Don't forget that the U.S economy has added over 3 million jobs over the last year, wages are up, and disposable income is rising as inflation is low. I still believe that the Fed is done for the year as written in a prior blog 'One and Done," the economy will expand by 2-2.5% in 2016 bolstered by the consumer, the 10 year bond will remain below 2.25% for the year, corporate earnings will be higher than previously anticipated due a weaker than projected dollar and the market is statistically undervalued.
The dollar remained weak this past week and is off approximately 6% from its high. A weaker dollar has bolstered commodity prices, especially oil, and will help our trade picture and the U.S economy over the next few months as the markets adjust. A weak dollar is a plus for our economy that needs to be factored in to growth forecasts here as well as the negative impact on some of our trading partners. Remember that you need to think globally and dynamically. The Chinese Yuan has lifted too as it is now part of an international basket of currencies including the euro and yen which has important implications for all markets too.
I still remain cautious on investing in the Eurozone and in Japan. Negative rates have had negative implications across the board and investors are taking risk off which has unfortunately boosted their own currencies penalizing their global competitive position. There is shortage of end demand in the world, not money, therefore there is little that the ECB and BOJ can do to stimulate economic growth, as that needs to be done by the politicians and regulators. While Japan is stuck with huge debt overhangs, which precludes additional spending and lower taxes to stimulate demand, the ECB countries do have the capacity to shift policies. However Germany remains the stumbling block. The truth is that Germany would like to remove Draghi too as President of the ECB.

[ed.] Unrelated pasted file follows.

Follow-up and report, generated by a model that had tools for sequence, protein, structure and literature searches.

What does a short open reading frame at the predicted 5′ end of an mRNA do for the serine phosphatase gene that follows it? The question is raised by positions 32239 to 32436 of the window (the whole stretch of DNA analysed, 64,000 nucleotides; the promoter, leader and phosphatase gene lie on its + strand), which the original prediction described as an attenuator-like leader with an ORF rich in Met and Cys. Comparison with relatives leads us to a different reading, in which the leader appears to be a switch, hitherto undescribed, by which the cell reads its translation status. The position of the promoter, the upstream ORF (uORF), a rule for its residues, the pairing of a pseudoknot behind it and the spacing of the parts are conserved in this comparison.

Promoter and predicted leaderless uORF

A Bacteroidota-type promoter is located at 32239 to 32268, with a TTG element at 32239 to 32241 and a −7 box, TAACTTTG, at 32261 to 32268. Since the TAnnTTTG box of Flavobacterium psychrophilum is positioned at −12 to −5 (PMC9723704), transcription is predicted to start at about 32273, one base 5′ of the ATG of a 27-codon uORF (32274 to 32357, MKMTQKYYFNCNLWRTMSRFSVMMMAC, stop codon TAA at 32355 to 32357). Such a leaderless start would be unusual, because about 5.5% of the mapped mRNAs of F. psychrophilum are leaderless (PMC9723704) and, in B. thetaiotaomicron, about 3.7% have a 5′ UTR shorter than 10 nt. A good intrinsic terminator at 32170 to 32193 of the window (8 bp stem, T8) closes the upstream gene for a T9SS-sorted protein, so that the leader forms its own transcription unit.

So where does this leave us?
First and foremost there have been virtually no changes in our core beliefs. One exception is the dollar, which has been weaker than we anticipated at the beginning of the year but we saw the shift with the move to negative rates in Japan and the Eurozone and changed our view accordingly. A weaker dollar boosts U.S multinational earnings and also commodity prices including oil, which are dollar denominated. The second change in our core beliefs was that we covered our energy short over 10 weeks ago when we saw white flags raised by major producers and a large reduction in production in the U.S offsetting increases in production by Iran. The supply/demand for oil had changed and so, our view.
We remain positive on the U.S stock market, as it is statistically undervalued. But we do not buy the market; we buy stocks in companies that are strategically changing to thrive in this slow growth, globally competitive market. And we short those companies unwilling or financially unable to make the right strategic shifts to survive and thrive. Opportunities are everywhere to make money but you need to do the work, maintain excess liquidity and be patient to let events unfold. Ride the trend whichever way it is going. And remember to invest in stocks, not markets as there are differences as you look under the hood.
The political landscape has gotten clear now that Donald Trump is the presumed Republican nominee along with Hillary Clinton on the Democratic side. While I don't agree with most of Bernie Sander's platform, I want to thank him for awakening the consciousness on this country. We need change and we need it badly to grow this economy so that all our citizens can benefit. And I like that the Republican establishment continues to resist Trump as it plays into his hands that politicians' are more concerned with their own interests than the people that they represent.
Change is also abound in Washington which is GREAT!
So remember to review all the facts; step back, pause and reflect; consider the proper asset allocation while controlling risk; do in-depth independent research on each idea and...
William A. Ehrman is managing partner at Paix et Prosperite LLC.